# How to predict the next number in a series while having additional series of data that might affect it?

Let's say we want to predict the price of Big Mac for the year 2020. We have 2 indexes that we think might make an influence to Big Mac price determination.

|----------------|----------------|----------------------|----------------|
|     Date       | big_mac_price  |  burger_king_price   |   %inflation   |
|----------------|----------------|----------------------|----------------|
|     2020       |      ?????     |         1.8          |       3        |
|     2019       |       1.5      |         1.6          |       2        |
|     2020       |       2.1      |         2.5          |       1        |
|     2020       |       2.2      |         2.5          |       0        |
|----------------|----------------|----------------------|----------------|


Imagine that we don't have additional data. What kind of methodology would you use to estimate it? In ideal case scenario, after setting our prediction you will be able to set the weight of each of the index. For example:

• Burger king price will affect it in 79%
• Inflation will affect it in 21%

I know there might be missing information to this task, but the important thing here is the methodology used to get it, so feel free to invent more data if needed.

• It really depends on the error distributions, their dependence structure, and the form of the relationship Commented Mar 20, 2019 at 12:09

Great Question!

The general approach is called a ARMAX model

The reason for the generality of approach is that it is important to consider the following possible states of nature which not only provide complications BUT opportunities..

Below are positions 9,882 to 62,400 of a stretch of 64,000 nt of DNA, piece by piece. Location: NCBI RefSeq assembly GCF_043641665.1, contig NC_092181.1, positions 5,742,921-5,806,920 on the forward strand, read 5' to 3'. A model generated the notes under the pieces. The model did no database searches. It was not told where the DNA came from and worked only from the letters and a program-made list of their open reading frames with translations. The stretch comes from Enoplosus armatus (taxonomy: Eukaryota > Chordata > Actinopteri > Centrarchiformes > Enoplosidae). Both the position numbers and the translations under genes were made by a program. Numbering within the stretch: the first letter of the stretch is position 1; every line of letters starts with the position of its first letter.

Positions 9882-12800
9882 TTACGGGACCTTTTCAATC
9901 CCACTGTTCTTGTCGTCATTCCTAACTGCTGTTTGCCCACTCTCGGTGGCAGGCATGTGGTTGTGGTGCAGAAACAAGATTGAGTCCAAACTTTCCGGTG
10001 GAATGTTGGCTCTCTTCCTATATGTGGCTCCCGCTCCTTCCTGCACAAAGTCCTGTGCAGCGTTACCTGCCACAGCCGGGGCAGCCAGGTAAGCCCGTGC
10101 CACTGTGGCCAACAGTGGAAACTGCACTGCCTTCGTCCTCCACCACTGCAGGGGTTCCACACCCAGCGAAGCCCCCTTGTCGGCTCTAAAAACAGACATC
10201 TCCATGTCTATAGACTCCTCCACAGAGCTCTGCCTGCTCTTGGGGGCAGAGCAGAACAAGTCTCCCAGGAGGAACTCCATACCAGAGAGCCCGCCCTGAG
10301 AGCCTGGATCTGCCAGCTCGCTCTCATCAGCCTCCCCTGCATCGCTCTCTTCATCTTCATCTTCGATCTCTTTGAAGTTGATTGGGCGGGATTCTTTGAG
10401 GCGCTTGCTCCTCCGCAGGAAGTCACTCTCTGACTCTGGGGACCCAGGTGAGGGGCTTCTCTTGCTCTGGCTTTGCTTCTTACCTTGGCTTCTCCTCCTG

1. The big mac price might be predicted better using previous big mac prices in conjunction with activity in the two causals
2. There might be discernable trends in big mac prices due to historical pricing strategy
3. The big mac price may be related to burger king prices OR changes in burger king prices or the history/trends of burger king prices
4. The big mac price may be related to inflation , changes in inflation or trends in inflation
5. There may be unusual values in the history of big mac prices or burger king prices or inflation that should be adjusted for in order to generate good coefficients. Sometimes unusual values are recording errors.
6. There may be omitted variables (stochastic in nature ) that may be important such as the price of a Wendy's burger .
7. There may have been one or more variance changes suggesting the need for some sort of down-weighting to normalize volatile data.

The final model can be expressed as a Polynomial Distributed Lag model (PDL) or otherwise known as an ADL model (Autoregressive Distributed Lag).

One of the possible solutions: Support Vector Regression or SVR. Using machine learning programming the solution will look something like this:

var samples = [[2.5, 0], [2.5, 1], [1.6, 2]];
var targets = [2.2, 2.1, 1.5];

var regression->train(samples, targets);

result = var regression->predict([1.8, 3]);
return result;


In this case the result would be 1.41879.